Insane? Maldives Says They’ll Open In July With No Restrictions

Tourism represents nearly 30% of GDP in the Maldives, and is the source of 90% of government revenue. They desperately need to bring back visitors.

The country’s initial plan included a 14-day minimum stay, advance visa, and virus testing both prior to departure for the country and on arrival. The hassle and length of stay requirements would mean not many visitors. When I’ve visited the Maldives I’ve generally gone for about 5 days and would consider 14 days to be way too long and more time than I can spare.

According to the country’s Ministry of Tourism they’ve done a complete 180, and plan to welcome visitors next month without restriction: no minimum stay requirement, and no testing.

Is This Insane?

Cases of COVID-19 didn’t reveal themselves in earnest in the Maldives until mid- to late-April. New daily cases do appear to have come down in the last week and a half. Of approximately 2000 confirmed cases, there have been only 8 deaths.

On a per capita basis they’ve seen more virus spread than my home city of Austin, but far fewer terminal cases. With just 9 to 26 confirmed cases per day since June 2 the country is in a good position to contain the virus, and not merely mitigate its spread.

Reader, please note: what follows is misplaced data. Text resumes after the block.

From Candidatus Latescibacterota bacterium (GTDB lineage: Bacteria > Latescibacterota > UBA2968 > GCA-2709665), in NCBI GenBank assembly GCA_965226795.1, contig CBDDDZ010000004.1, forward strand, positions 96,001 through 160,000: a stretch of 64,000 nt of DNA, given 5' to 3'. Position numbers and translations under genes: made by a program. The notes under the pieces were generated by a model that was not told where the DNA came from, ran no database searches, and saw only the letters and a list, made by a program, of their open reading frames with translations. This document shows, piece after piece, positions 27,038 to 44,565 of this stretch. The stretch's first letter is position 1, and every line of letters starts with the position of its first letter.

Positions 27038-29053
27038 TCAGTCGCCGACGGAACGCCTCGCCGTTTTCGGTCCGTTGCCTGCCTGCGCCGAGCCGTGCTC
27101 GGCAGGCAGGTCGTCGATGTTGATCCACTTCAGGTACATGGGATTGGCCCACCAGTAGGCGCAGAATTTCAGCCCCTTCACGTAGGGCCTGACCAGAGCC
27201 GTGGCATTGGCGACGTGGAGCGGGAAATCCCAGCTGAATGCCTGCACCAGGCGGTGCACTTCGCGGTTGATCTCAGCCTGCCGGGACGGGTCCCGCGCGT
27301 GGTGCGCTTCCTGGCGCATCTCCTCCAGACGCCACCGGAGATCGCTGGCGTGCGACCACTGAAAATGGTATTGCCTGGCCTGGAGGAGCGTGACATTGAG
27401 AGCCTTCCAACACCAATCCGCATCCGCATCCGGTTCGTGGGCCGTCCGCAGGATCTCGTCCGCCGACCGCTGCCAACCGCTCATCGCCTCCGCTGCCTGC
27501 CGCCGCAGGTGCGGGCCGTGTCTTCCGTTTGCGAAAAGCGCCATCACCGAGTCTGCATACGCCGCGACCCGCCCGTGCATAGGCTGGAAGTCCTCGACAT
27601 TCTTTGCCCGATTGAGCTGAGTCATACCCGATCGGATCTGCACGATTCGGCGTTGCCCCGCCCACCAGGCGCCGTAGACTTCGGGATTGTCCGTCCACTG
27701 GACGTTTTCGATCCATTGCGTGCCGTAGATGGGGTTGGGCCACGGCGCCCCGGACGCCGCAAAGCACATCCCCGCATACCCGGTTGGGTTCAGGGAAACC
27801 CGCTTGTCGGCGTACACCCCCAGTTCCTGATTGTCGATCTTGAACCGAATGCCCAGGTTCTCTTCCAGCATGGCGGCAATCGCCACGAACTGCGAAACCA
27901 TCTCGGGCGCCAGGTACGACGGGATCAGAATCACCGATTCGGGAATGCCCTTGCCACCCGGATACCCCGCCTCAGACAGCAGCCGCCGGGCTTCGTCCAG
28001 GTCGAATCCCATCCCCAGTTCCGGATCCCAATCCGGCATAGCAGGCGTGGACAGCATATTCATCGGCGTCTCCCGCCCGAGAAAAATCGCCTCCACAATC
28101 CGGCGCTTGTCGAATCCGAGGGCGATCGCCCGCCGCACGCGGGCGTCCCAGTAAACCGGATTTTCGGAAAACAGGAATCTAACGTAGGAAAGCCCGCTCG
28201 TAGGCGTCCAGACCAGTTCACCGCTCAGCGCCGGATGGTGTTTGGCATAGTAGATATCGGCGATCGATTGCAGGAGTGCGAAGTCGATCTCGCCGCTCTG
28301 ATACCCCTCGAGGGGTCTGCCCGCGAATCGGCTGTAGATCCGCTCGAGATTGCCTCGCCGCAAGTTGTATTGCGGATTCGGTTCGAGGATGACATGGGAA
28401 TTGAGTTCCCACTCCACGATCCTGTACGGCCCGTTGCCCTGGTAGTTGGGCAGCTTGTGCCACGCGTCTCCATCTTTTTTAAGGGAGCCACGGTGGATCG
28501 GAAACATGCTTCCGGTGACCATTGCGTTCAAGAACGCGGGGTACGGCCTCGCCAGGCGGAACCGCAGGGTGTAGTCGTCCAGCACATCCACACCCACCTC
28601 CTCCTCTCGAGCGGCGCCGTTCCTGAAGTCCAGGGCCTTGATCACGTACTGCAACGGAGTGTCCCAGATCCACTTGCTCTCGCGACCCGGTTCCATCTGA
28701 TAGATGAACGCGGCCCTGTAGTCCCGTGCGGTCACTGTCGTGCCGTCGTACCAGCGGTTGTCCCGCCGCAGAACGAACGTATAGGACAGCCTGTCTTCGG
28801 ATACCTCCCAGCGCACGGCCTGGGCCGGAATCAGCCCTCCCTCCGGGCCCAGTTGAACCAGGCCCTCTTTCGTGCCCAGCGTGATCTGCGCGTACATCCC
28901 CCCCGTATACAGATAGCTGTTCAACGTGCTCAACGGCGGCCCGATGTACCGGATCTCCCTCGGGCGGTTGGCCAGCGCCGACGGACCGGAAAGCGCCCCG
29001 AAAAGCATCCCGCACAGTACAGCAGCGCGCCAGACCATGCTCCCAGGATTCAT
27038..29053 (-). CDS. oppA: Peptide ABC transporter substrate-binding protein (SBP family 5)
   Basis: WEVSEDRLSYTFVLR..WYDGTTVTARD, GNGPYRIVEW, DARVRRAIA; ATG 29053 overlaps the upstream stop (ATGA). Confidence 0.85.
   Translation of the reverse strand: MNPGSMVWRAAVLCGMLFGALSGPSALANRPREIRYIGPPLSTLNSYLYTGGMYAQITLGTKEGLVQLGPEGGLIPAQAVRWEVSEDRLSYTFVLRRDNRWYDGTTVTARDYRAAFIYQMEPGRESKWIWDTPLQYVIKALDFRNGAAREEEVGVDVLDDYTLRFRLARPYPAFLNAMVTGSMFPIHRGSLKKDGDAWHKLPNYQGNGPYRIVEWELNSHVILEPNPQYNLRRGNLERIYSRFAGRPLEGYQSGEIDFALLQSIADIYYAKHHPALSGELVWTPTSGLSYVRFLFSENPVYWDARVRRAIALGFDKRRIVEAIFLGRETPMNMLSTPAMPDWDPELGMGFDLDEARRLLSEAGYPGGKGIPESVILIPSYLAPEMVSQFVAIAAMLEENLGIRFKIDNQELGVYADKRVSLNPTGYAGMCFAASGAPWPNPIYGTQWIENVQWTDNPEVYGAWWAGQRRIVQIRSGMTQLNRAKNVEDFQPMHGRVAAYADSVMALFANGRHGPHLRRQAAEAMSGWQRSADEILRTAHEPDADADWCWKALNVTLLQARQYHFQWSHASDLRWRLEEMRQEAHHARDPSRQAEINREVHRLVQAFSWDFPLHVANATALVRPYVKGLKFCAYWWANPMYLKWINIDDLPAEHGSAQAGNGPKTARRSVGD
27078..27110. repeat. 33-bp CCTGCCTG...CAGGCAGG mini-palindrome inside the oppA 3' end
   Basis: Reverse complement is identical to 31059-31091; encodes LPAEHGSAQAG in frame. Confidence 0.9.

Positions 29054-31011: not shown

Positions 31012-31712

When I first started visiting the Maldives there were a significant number of Russian visitors. More recently Chinese visitors have become common. While spread of the virus has slowed down in Europe, it’s at a peak in Russia and it’s plateaued at a high level in the U.S. Tourist arrivals will most certainly bring in more cases and those cases will likely spread at resorts, though much of Maldives life including resort life is outdoors where the virus tends not to spread as well.

Given the progress they’ve made limiting spread recently, it seems insane to invite it back in without restriction. On the other hand it seems insane as well to leave much of the country out of work and the government starved of revenue at the same time. They’re really caught in a difficult position. They need tourism to survive and seem to be saying that the costs of shutting down tourism are greater than the risk of increased spread of the virus.